How to strip down Amazon Linux EC2 to maximize available RAM

Firstly, this article mainly applies to low memory Amazon Linux EC2 instance types such as t2.nano and t2.micro. The instructions below are also specific to Amazon Linux AMI, which like CentOS, is based on RHEL (Red Hat Enterprise Linux). Yum!

Strip down Amazon Linux EC2 to maximize available RAM

Update all packages – yum package manager

First, login to your new Amazon Linux EC2 instance and update all packages:

Then if you are not going to use MTA (mail transfer agent) you can disable sendmail service:

Reduce the number of getty services

Edit /etc/sysconfig/init and replace:




Replace with agetty with mingetty

Update! – AWS now installs mingetty by default. In which case if the output of the install command is “already installed”, then simply make the line change to the /etc/init/serial.conf file as described below.

Since agetty is heavier on RAM, lets replace with mingetty.

Install mingetty first:

then edit /etc/init/serial.conf and replace:

exec /sbin/agetty /dev/$DEV $SPEED vt100-nav


exec /sbin/mingetty /dev/$DEV $SPEED vt100-nav

Disable yum-updatesd and replace it with a simple cron job.

Update! – AWS no longer installs yum-updatesd by default. You can still setup the cron if you’d like. Check to see if yum-updatesd is installed using this command to list: chkconfig

This will save resident memory.


Next, create yum update cron instead. Add a new file /etc/cron.daily/yum.cron with contents:

Followed by:

Disable IPv6 support

Disable Network Time Protocol (NTP) daemom

Next, disable ntpd. Run “top” and press shift + M to sort by memory usage, you’ll notice that ntpd is close to the top of the list. Its used to keep your server clock in sync. You can replace with weekly cron so you can disable the service and further reduce memory usage.

Now add a new file named ntpdate-sync to the /etc/cron.weekly directory with the contents:

Followed by:

To test run:

Output should be something like:

These are some basic steps to lower memory consumption of first boot. More noticeable on the smaller Amazon Linux EC2 instances.

Tuning Amazon Linux EC2 swappiness and cache pressure

Another method of squeezing the most from your Amazon Linux EC2’s limited RAM, is to tune the system’s swappiness (tendency to swap) and cache pressure (tendency to reclaim cache).

Read:  Raspberry Pi 3 Overclock and Turbo Config

swappiness (Recommended value 10 to 60. 0 if you don’t have swap added) – This control is used to define how aggressive the kernel will swap memory pages. Higher values will increase agressiveness, lower values decrease the amount of swap. (default = 60)

vfs_cache_pressure (Recommend value 50 to 200) – Controls the tendency of the kernel to reclaim the memory which is used for caching of directory and inode objects. (default = 100)

Add these lines to the end of the /etc/sysctl.conf file.


Increasing the cache pressure may be somewhat counter productive since caching is good for performance. However, swapping too often can also reduce your server’s overall performance. Use this for example if free -m shows say more than 60% of RAM being used by cache/buffers …remember this NOT a bad thing! However, depending on what is being cached you may reduce memory usage/contention and as a result gain performance by adjusting.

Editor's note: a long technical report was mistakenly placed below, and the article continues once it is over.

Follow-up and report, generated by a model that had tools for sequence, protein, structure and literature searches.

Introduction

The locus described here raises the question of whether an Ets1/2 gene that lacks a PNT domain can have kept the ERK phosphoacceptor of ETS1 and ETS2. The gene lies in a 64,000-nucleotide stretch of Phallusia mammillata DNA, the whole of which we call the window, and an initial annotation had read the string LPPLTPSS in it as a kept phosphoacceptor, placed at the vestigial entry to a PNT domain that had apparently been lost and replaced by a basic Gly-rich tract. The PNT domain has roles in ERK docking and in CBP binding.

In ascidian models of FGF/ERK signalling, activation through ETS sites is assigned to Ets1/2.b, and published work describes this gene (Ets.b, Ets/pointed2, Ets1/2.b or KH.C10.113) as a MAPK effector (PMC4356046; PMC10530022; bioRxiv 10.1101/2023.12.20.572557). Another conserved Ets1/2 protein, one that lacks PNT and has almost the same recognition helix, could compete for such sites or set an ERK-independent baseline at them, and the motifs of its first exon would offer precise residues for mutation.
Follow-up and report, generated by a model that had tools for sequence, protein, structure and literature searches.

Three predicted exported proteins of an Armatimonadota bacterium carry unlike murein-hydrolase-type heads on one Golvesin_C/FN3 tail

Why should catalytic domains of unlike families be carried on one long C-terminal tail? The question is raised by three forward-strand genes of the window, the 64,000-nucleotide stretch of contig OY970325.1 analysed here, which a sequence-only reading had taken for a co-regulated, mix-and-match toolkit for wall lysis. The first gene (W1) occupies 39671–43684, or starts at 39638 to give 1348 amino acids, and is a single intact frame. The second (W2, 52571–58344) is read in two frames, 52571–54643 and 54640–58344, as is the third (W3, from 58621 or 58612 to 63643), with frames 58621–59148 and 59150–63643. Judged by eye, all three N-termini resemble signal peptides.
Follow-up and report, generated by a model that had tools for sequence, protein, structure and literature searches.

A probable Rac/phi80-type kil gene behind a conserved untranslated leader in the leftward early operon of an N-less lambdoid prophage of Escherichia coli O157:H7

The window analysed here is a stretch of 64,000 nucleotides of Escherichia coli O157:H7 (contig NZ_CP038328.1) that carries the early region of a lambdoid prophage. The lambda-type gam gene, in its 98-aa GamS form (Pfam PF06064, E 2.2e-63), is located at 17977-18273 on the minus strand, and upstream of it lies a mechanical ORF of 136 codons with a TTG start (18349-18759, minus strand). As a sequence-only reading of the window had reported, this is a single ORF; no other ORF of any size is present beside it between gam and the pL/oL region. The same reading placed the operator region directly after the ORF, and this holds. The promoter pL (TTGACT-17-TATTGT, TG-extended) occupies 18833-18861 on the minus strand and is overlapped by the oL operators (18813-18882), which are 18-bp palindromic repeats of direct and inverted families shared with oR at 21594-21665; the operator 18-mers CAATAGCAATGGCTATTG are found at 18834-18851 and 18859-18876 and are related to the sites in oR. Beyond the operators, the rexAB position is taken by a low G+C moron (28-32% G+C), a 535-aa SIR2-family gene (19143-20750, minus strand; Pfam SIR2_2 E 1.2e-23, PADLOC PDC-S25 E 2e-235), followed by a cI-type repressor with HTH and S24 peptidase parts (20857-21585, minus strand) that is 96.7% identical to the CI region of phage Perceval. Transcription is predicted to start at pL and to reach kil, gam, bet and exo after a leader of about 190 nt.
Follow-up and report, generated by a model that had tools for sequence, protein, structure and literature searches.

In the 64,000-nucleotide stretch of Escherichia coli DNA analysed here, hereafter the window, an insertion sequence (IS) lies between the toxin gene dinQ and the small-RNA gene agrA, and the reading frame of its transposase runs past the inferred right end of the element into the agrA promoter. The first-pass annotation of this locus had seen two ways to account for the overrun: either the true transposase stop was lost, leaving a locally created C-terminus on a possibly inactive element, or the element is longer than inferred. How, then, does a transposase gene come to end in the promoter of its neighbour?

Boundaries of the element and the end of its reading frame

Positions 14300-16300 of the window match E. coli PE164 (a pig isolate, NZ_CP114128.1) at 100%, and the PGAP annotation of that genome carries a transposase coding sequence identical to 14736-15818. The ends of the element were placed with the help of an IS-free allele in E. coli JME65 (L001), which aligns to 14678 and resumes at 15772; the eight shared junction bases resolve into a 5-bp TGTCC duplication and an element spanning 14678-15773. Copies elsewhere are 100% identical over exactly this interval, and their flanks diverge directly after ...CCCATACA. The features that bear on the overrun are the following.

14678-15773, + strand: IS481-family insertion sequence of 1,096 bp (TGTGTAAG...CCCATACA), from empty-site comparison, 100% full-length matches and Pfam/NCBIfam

To check current values using these commands:

To enable these settings without rebooting use the following commands:

How To Add Swap on Amazon Linux EC2

Of course, on low-memory instances swap is wise. To add a 1GB swap file for example, from command line you’ll type:

Now setup the swap file with the command:

Now enable the swap:

If you use the top command, you should now see the 1gb swap added. So now lets make swap persistent so it’s not dropped when you reboot. Edit /etc/fstab file and add this line as the last line:

/swapfile swap swap defaults 0 0

When you reboot, use the free -h or df -h command to check for swap.

Remember, adding swap can help save your server from running out of memory but if it’s already using a big chunk of swap (aka swapping), that is never good for performance. A lot can be expanded upon with regards to swap and paging/swapping. However, the point today is that stripping/tuning the AMI.

Note: this article was originally published on Nov 21, 2013. It has been updated to ensure that the suggested changes are still compatible.

Also see: Strip Down Apache to Improve Performance & Memory Efficiency

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How to strip down Amazon Linux EC2 to maximize available RAM

6 Responses

  1. I’m following these commands on Amazon Linux AMI 32-bit and it already had mingetty installed also there was yum-updatesd.

    Eduardo Mello March 29, 2014 at 5:34 am #
  2. It is actually not recommended to turn of ntpd. Due to the nature of virtualization (being put to sleep sometimes), the clock can drift significantly in a relative short time.

    Kalith April 22, 2016 at 4:38 pm #
    • Thanks, the cron can be set < weekly as well. These are options based on preference for tiny instances.

      Hayden James April 22, 2016 at 5:17 pm #
  3. As noted above, this article has been updated for compatibility with current nano and micro EC2 instances.

    Hayden James May 30, 2016 at 1:14 am #
  4. You need to be careful creating swap partitions as nano and micro instances only use network EBS storage.

    The last thing you want is for your machine to start swapping and having to a network drive.

    Paul July 8, 2016 at 11:52 am #
    • True. Perhaps aadjusting the swappiness and cache pressure would be wise if using swap.

      Hayden James July 15, 2016 at 5:47 pm #

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